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|Index||31 reviews in total|
Having just seen this film at a BAFTA preview, I felt that it deserves
a favourable review. Noel Clarke has realised a well written,
captivating film. Melodrama and action is finely balanced, moving the
storyline smoothly along whilst capturing all the relevant aspects of
the protagonists journey. There were one or two contrivances that were
a little beyond expected reality, but they weren't totally unreasonable
and only served to highlight the overall realism of the storyline. It
is after all a drama and some concessions need to made to keep the
suspense. The characters are all extremely believable and the cast all
contribute with superb performances, bar none. Noel Clarke's own
performance is outstanding, and is the bedrock of the film. Having only
been aware of him from his appearances in Dr.Who, I was pleasantly
surprised at the depth of character he manages to portray. The dialogue
seems to be authentic in style and avoids making the actors seem like
caricatures, as can so easily be done in films of a similar theme.
Brian Tufano's cinematography was well measured and help to maintain a
good balance between some nice editing, great soundtrack and solid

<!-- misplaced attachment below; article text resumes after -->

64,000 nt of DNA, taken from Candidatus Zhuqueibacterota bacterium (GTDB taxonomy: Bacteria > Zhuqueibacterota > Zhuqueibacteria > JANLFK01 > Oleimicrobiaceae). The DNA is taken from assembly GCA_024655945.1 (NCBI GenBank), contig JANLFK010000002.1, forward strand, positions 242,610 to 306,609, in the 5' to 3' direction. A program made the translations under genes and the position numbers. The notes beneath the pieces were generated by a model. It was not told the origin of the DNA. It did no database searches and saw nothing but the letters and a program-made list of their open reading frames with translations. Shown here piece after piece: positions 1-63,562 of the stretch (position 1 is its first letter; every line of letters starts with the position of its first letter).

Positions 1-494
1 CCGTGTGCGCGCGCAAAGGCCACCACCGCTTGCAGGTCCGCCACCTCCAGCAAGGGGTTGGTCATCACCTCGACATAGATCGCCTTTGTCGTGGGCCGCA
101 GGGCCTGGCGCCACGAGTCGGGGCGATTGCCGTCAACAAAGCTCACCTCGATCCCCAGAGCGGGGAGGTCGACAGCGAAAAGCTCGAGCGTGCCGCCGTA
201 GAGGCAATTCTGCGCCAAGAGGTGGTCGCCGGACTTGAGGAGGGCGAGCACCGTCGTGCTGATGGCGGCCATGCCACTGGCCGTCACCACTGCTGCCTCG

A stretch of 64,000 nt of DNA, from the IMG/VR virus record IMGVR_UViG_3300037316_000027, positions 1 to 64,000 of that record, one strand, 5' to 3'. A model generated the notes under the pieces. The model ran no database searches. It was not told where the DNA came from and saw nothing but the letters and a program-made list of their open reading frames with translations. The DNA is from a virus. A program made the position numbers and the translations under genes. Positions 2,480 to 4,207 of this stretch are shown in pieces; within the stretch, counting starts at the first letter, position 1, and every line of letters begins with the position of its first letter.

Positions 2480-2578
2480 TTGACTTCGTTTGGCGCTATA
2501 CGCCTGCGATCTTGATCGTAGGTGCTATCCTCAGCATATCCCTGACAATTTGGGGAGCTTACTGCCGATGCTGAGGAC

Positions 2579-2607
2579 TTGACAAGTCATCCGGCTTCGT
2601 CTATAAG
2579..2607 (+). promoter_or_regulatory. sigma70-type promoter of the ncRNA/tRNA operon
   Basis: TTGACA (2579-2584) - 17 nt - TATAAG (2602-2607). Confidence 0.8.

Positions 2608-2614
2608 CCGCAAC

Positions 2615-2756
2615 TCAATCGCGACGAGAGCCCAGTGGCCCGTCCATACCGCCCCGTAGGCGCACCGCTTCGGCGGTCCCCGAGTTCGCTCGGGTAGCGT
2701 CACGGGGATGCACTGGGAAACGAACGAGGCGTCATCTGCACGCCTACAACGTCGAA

I think Noel Clarke should be justly proud of his achievement in writing , starring and directing this genuinely entertaining film. If I seem to be lauding too much praise, it is because this film didn't fail to deliver where so many other low budget films do. It is a film with honesty, heart, action and integrity without preaching or patronising the viewer.
I liked it and I'm a cynical sod, so if anyone sees Noel Clarke, tell him he done alright.
Darcus (not Howe)
"Adulthood" was the sequel to "Kidulthood". "Kidulthood" was certainly
not a subtle movie and neither was "Adulthood".
"Adulthood" was low budget, rough around the edges, harsh, brutal, and totally engrossing. Sometimes the acting of the young cast was variable, but it's best performers - writer/director/lead actor Noel Clarke, Scarlet Alice Johnson (in the role obviously originally intended to be Jamie Winstone's 'Becky' character from "Kidulthood") and Adam Deacon - managed to imbue their roles with a ring of truth.